To change the prefixes, you’ll need to edit the names of the tables. Select each table that starts with “wp_” and click on the “Operations” tab at the top.

In the “Table options” box, you’ll find a field called “Rename table to”. In that box, enter your new prefix followed by an underscore. For example, you could use “mynewprefix_” as your new prefix.

Click on the “Go” button to save your changes. Repeat this step for each “wp_” table.

Step 5: Update the database

Once you have renamed all the tables, you need to update your WordPress installation to use the new prefixes. Open your WordPress configuration file, “wp-config.php”, and look for the line that says:

$table_prefix = ‘wp_’;

Change ‘wp_’ to your new prefix. For example, if your new prefix is “mynewprefix_”, the line should look like this:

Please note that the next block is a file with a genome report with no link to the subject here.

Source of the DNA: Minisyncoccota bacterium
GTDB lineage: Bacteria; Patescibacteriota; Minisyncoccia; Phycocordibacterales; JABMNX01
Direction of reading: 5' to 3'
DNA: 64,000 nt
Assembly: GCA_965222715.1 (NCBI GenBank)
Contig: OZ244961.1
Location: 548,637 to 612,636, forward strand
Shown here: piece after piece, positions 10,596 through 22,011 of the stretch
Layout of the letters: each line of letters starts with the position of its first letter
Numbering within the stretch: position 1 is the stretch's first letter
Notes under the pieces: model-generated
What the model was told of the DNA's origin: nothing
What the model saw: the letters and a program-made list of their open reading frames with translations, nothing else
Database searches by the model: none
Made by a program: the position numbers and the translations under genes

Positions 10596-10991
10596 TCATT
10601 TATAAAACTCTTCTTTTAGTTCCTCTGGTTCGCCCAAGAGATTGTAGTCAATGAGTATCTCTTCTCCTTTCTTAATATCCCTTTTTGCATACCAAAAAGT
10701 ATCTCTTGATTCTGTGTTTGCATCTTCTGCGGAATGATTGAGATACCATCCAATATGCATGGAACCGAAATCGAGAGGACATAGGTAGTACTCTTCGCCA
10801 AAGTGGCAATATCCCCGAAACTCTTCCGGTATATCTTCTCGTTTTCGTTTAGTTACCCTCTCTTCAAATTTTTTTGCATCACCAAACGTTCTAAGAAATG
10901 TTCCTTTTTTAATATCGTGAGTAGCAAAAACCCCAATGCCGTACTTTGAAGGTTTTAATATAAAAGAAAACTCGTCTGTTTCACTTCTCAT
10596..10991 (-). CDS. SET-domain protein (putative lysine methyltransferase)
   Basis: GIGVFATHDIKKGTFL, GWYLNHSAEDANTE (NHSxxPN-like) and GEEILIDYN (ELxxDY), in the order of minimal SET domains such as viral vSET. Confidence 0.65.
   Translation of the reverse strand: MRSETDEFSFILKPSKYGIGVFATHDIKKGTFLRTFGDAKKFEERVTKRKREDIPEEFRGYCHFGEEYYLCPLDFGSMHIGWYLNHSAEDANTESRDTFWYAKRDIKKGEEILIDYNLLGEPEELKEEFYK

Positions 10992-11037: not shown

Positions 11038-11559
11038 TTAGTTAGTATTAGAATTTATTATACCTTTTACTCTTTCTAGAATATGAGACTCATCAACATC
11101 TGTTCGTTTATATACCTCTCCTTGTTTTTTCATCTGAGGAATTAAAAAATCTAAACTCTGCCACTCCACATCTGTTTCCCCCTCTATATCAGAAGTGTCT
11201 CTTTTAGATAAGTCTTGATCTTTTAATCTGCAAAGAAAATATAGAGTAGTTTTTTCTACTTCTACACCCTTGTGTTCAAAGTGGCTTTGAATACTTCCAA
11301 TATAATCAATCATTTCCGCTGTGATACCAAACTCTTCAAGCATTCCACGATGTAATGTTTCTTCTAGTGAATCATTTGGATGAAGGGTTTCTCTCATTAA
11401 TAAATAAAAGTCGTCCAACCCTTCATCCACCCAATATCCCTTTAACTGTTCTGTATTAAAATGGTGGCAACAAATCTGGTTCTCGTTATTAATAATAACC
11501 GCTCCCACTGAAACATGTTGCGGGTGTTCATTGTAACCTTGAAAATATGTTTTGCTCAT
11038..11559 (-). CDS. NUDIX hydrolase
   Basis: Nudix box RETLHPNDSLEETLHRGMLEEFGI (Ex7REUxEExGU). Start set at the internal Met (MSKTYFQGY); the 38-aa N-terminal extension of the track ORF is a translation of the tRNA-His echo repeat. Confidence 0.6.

$table_prefix = ‘mynewprefix_’;

Save the file and you’re done! Your database tables now have new prefixes, making your website more secure against potential threats.

Now that we’ve taken care of your database prefixes, let’s move on to another important security measure.

Step 2: Hide login error messages

When you try to login to your WordPress admin panel and make a mistake, you might see an error message saying that your username or password is incorrect. Hackers can use this information to guess valid usernames and launch brute-force attacks.

To prevent this, we can hide login error messages. To do this, simply add the following code to your theme’s “functions.php” file:

add_filter( ‘login_errors’, ‘__return_false’ );

This code will prevent any error messages from being displayed when a login attempt fails.

Now you’ve made your login page more secure by hiding error messages that could give hackers valuable information.

Next, let’s move on to our next security measure.